This book continues a few years after Meadowsweet, with Tupper a little more grown up and a lot more comfortable in his role. Tupper continues to open up Morven in surprising ways, as additional people are coming to the nearly-empty halls that he and Freydolf occupy. It’s beautiful to see how the story keeps extending the sense of family—first with Aurelius, then with other Meadowsweets, who not only dare to flout the typical fear of Pred but work on making their new friends more welcome in the rest of the village.

And Ulrica, Freydolf’s sister, finally makes an appearance. She’s thoroughly Pred, though in a slightly different way than Aurelius (I love how Tupper marks Aurelius as the prettiest of the lot . . . he’s so vain about clothing).

<blockquote>
Tupper nodded tentatively, but he wasn’t so sure. What kind of person showed affection with sharp criticism, thinly-veiled insults, and death threats? Upon serious consideration, Tupper realized that the answer should have been obvious. A sister.
</blockquote>

And in between all the marriage and babies and family happenings, Tupper’s also starting to think about his own future, and the person he might want to share it with. It’s funny to watch him approaching his future love life much the same way he approaches anything else: methodical, thoughtful, and unusual. Because Tupper’s short list of requirements is less about how she looks and more about whether or not she can put up with living statues and fearsome Pred without flinching.

It’s also fun to see that although Tupper may be the most exceptional Meadowsweet, in his own way, he’s hardly the only one. His family did a great deal to make him who he is, so once they’re committed to the Preds as family, they’re in all the way. And his family has their own secrets . . .

Overall, I loved seeing the world expanding, and the magic expanding too. This is a great followup. I rate this book Highly Recommended.

Meadowsweet (Galleries of Stone #1)

Title: Meadowsweet

Author: C. J. Milbrandt

Series: Galleries of Stone #1

Freydolf is one of twelve Keepers in the world. Guardian of a sacred mountain, master sculptor, and yet utterly alone. Other races fear the Pred, and it makes something as simple as hiring a servant a challenge. But Tupper is different. Freydolf is soon surprised to find HOW different . . .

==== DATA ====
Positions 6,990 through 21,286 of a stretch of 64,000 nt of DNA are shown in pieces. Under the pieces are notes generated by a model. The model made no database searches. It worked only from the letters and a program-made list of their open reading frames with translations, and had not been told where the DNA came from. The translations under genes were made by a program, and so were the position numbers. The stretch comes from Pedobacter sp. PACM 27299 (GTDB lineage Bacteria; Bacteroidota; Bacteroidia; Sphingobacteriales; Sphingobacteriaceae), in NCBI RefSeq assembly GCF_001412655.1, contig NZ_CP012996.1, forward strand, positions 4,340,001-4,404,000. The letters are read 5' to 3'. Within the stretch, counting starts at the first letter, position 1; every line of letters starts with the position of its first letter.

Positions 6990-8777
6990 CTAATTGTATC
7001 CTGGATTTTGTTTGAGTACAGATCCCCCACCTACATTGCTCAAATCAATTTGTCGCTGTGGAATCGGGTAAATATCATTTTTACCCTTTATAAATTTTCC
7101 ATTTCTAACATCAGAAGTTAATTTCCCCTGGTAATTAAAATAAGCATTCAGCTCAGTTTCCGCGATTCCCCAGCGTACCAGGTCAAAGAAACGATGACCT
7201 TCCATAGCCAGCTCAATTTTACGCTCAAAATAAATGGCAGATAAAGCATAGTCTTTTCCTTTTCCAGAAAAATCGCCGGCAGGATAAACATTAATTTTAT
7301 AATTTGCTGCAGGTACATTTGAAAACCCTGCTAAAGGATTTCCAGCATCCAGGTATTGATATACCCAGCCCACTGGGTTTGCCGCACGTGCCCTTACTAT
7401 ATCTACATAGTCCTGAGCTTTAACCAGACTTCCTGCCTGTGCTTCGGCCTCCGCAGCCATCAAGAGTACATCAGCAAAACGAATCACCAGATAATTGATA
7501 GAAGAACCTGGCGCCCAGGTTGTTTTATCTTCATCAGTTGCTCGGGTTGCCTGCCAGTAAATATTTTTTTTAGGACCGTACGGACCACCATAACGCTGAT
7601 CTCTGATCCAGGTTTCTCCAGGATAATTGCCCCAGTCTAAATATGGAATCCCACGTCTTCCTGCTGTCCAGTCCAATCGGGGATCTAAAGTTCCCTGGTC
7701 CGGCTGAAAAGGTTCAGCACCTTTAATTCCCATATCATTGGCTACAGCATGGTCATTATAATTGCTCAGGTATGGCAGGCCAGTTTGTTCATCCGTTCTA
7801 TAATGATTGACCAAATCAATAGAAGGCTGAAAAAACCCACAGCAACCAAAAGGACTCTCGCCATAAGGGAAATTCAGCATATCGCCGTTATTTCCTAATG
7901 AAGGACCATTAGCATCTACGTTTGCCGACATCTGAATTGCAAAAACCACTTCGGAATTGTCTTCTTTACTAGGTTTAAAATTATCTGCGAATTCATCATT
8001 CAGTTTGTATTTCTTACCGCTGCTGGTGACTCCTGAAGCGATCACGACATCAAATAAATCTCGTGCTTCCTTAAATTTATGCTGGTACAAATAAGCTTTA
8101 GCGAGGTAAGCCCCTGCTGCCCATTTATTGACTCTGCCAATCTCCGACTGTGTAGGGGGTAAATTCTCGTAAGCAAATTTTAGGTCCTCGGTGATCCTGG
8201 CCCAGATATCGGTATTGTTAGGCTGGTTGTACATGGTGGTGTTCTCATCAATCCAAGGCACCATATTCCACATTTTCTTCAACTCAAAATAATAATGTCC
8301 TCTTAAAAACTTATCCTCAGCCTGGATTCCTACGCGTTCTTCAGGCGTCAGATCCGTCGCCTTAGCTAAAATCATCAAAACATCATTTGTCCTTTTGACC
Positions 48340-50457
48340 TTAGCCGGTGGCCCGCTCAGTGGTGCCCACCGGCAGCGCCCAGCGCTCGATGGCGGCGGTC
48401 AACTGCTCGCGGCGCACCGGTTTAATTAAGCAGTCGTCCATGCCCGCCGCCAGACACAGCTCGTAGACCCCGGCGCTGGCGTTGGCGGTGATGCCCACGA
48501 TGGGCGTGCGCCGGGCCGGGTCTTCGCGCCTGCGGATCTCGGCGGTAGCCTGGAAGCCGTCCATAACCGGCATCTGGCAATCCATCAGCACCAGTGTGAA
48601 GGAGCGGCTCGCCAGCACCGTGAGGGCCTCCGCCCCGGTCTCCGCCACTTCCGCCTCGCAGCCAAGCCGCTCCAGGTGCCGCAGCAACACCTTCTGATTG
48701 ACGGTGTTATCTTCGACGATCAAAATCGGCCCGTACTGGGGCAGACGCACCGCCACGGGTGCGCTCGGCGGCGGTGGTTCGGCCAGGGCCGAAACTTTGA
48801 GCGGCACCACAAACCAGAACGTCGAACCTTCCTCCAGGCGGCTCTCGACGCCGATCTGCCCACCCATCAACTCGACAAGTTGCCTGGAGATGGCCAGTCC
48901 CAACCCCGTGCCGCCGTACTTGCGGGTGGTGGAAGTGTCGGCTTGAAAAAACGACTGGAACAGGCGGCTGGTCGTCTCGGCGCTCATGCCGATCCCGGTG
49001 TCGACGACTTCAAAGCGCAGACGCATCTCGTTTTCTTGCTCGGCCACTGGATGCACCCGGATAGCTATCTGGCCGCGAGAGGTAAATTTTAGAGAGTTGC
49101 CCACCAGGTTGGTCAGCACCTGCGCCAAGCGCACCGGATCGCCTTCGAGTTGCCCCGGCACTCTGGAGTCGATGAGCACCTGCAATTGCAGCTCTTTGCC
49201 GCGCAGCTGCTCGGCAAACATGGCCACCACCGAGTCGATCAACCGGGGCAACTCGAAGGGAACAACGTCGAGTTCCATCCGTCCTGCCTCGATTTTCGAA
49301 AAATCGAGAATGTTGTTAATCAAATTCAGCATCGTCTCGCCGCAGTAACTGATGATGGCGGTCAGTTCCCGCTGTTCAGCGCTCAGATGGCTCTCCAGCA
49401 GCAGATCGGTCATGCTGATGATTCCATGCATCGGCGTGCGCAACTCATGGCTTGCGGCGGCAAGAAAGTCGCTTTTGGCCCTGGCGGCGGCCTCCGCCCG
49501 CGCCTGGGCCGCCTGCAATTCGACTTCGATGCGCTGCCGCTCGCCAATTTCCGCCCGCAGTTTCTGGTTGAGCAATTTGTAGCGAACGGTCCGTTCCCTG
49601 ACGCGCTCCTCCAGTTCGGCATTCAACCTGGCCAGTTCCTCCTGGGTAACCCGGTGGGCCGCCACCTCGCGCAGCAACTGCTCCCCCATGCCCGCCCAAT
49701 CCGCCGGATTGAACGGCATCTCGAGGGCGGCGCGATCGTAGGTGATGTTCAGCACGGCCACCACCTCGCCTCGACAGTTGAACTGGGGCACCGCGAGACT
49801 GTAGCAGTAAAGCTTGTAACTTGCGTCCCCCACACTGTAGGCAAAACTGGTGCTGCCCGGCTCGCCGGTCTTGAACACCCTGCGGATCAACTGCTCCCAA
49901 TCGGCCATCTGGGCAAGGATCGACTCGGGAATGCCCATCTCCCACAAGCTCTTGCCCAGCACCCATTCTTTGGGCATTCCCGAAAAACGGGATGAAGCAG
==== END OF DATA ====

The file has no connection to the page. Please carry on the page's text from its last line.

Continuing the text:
I tend to love stories like this, about a lonely and isolated individual gradually finding friendship. And this one is particularly good. Tupper is rather young, but more than that, he’s not very bright in a traditional sense, and has a tendency to be blunt because he’ll honestly answer questions. As Freydolf and his brother-in-law Aurelius discover, there’s far more to him than meets the eye.

Aurelius is also an interesting character. He’s much more typical of Pred, heavily armed and dangerous, and he has a biting sense of humor to match. He’s also the one with the biggest vocabulary, which leads to several funny conversations with Tupper, who can’t parse his big words and doesn’t understand why Aurelius even wants to use them when smaller words can say basically the same thing.

<blockquote>
“Which parts made sense?” Aurelius patiently prompted.

With a slight uptilt of his small chin, Tupper gravely replied, “Master Freydolf wants you to be quiet.”
</blockquote>

I also liked the magic in this book. Living statues provides an interesting assortment of creatures to populate the mountain, and it’s fun to see the various bits of personality many of them possess. Especially Graven, who does so like to tease.

Overall this was an excellent read, with charming characters and a lot of heart. I rate this book Highly Recommended.

Knights of the End (Knights of the End #1)

Title: Knights of the End

Author: J. D. Cowan

Series: Knights of the End #1

Teddy MacIsaac dreams of heroes in a world where heroic ideals have succumbed to world-weary pessimism. Undaunted, he follows his dreams and a voice calling inside until he discovers a golden coin with mysterious powers. It grants him what he always wanted: the chance to be a hero. But no hero stands unopposed, and the general evil that’s haunted his world is about to get a lot more personal . . .

I really liked this. I found it based on a blog post by its author, and the comment that it had been written for his (her?) 13-year-old self immediately grabbed my interest, as the summary promised an actual light-versus-dark conflict that’s becoming increasingly hard to find.